Photo Courtesy of Prof. Heather Kolakowski

May 2, 2017

Establishment: An Inside Look

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It’s 2:30 p.m. on a Wednesday afternoon. Statler Hall is quiet, with only a few TAs in white lab coats shuffling around by the auditorium, preparing for Introduction to Wines. I’ve donned my chef whites and paper toque and headed to the kitchen to prepare for restaurant service of the student-managed restaurant, Establishment. As I turn the handle to the culinary lab, the familiar click welcoming me back, I hear the dishwasher’s music blasting from the speakers as he preps family meal, making sure that the students and faculty are fed during service. The music ranges from rap to Bon Jovi to international music, and each day is a surprise as I wash my hands, tie my apron around my waist and grab a side towel to keep handy.

I remember when I first learned about Establishment. My freshman year, I was so excited to be on campus and immerse myself in the Hotelie culture. At that point, Establishment was still held in Terrace once the salad line had died down for the day and the students could move into the cramped kitchen to execute their specialty menus and I went with one of my best friends to dine, hoping to learn what the class was all about. From then on, I looked forward to the opportunity to have my own management night and be able to let my passion for food and beverage shine.

Fast forward to the spring of my junior year, and Establishment had relocated to its current home on the second floor of Statler Hall, with a beautiful 16 table dining room overlooking campus with floor-to-ceiling windows. The students in this class work in groups of three to complete their management night, with two of the managers in the back of the house focusing on the food and one in the front of the house interacting with guests in the dining room. Students are given the freedom to pick any theme they like, with the only limitations being keeping the food cost low enough for the specials to align with the standard menu prices and acquiring specialty ingredients. Additionally, everything must be approved by the chef of your lab night. Whether or not the students have much food and beverage experience besides HADM 2360 the introductory culinary class under their belt, they must find or create their recipes, translating them into a standard format that all students will be able to follow and recreate in the kitchen during service.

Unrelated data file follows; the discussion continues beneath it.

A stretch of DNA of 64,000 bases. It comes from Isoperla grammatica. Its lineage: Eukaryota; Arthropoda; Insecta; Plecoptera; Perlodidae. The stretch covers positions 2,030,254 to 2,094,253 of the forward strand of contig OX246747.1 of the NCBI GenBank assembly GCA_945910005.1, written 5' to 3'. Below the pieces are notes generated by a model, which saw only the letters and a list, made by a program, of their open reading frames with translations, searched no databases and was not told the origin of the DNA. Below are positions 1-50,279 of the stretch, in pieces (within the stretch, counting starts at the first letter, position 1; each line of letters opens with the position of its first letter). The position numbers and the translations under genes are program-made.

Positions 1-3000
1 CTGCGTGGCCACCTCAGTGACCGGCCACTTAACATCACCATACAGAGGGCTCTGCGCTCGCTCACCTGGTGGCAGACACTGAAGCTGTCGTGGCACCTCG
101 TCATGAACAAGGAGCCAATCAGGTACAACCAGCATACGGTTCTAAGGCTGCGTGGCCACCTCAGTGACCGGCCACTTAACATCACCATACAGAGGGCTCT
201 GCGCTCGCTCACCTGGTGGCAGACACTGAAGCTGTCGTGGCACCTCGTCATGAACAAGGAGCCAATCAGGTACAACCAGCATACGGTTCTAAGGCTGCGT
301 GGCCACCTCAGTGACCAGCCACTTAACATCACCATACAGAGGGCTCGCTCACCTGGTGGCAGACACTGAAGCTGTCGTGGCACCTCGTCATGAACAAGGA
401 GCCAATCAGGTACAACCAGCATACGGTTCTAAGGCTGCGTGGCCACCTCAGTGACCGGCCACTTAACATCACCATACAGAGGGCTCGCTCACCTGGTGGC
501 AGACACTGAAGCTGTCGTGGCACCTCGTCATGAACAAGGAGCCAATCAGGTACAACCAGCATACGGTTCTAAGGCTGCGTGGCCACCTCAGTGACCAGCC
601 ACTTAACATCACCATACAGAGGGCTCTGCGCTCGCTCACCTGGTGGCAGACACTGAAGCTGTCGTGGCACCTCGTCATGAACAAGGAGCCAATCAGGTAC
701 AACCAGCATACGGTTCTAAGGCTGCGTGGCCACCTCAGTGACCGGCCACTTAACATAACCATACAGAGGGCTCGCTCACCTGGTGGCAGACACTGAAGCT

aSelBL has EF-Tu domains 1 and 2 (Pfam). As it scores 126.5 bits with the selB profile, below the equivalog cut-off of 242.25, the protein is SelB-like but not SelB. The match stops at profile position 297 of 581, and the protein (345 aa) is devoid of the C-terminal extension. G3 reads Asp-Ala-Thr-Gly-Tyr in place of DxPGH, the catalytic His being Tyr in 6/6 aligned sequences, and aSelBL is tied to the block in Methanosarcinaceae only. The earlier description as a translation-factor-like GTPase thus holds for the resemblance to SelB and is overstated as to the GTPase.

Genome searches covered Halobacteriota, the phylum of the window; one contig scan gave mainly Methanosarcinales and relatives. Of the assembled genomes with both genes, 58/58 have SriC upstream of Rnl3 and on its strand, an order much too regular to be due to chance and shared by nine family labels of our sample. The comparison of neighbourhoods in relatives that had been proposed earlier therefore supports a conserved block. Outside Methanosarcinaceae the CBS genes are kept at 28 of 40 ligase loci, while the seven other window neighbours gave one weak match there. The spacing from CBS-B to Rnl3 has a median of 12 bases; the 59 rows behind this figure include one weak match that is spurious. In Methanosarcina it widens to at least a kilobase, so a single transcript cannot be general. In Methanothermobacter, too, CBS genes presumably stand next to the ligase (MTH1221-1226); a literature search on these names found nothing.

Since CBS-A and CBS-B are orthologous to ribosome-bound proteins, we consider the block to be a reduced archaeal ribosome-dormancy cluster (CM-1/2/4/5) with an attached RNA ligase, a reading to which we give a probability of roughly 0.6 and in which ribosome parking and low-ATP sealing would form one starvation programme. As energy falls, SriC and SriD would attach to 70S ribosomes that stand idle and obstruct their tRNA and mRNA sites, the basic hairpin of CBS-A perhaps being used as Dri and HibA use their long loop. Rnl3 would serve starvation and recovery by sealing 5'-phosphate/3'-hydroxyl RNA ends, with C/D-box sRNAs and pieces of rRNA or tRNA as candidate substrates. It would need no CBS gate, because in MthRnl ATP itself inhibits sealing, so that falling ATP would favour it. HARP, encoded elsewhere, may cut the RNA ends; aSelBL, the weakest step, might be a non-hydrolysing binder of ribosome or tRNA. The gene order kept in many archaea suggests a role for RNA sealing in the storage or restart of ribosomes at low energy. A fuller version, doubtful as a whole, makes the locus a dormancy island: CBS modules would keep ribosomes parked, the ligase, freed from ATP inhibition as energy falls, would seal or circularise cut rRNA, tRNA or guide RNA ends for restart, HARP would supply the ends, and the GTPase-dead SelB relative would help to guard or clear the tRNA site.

Two of my close Hotelie friends and I planned and managed the first student-run night of that spring semester, creating a menu that was focused on chocolate, even in savory applications. Our features included a butternut squash soup with chipotle chocolate drizzle and cocoa crusted croutons; an entree of a pork chop with roasted carrots, mashed redskin potatoes, and chocolate red wine sauce and a tableside hot chocolate service to engage our guests. Even though we did have to comp a few dishes due to kitchen errors and consoled our student in charge of the tableside hot chocolate after he made 42 quenelles of whipped cream, the night was a success.  I was so proud of my management night and knew I wanted to TA the class during my senior year at the Hotel School.

One year later, I have made that hope a reality, finally becoming a teaching assistant for the class during my last semester on the hill. Being on the TA side of the class is very different from what I experienced as a student; still, I enjoy not only the challenges and opportunities to learn in the kitchen, but also the ability to practice my leadership skills as well. While there are often stressful moments that involve picking up the pieces and struggling on during a busy service, I take pride in making each night the best it can be. I have grown close to many of the chefs through my work as a T.A. for the introductory culinary class at the hotel school, and working with them in Establishment brightens my week.

As the Hot Foods 1 T.A., I’m in charge of the students who work in the fry, grill and saute stations. This is arguably the hottest station in the kitchen, and it is usually busy with entree orders or preparations of management specials. The Hot Foods 2 T.A. manages the pasta entrees, hot appetizers and many specials in the station directly across from the Hot Foods 1 line. There’s the pizza station, pantry station for salads, and dessert station that are managed by the chefs and other staff, completing the kitchen. Our kitchen is configured much differently from a real restaurant kitchen, and we are capped at around 110 covers maximum each night, but students are able to get a feeling for a restaurant kitchen.

The kitchen becomes silent as service begins, with the students, TAs and chefs calling back the ticket orders as the expo receives them.  I love watching it all come together, and I encourage the managers for the night to take ownership of their dishes and to make the food the best it can be. Even if the students are going into finance, real estate or consulting, I hope they take away positive memories of Establishment, the camaraderie of the kitchen and the class and a deeper understanding and appreciation of the work people in the food and beverage industry do every day. Because for me, food is love, and I hope I am able to share this love with the students that pass through the Establishment kitchen.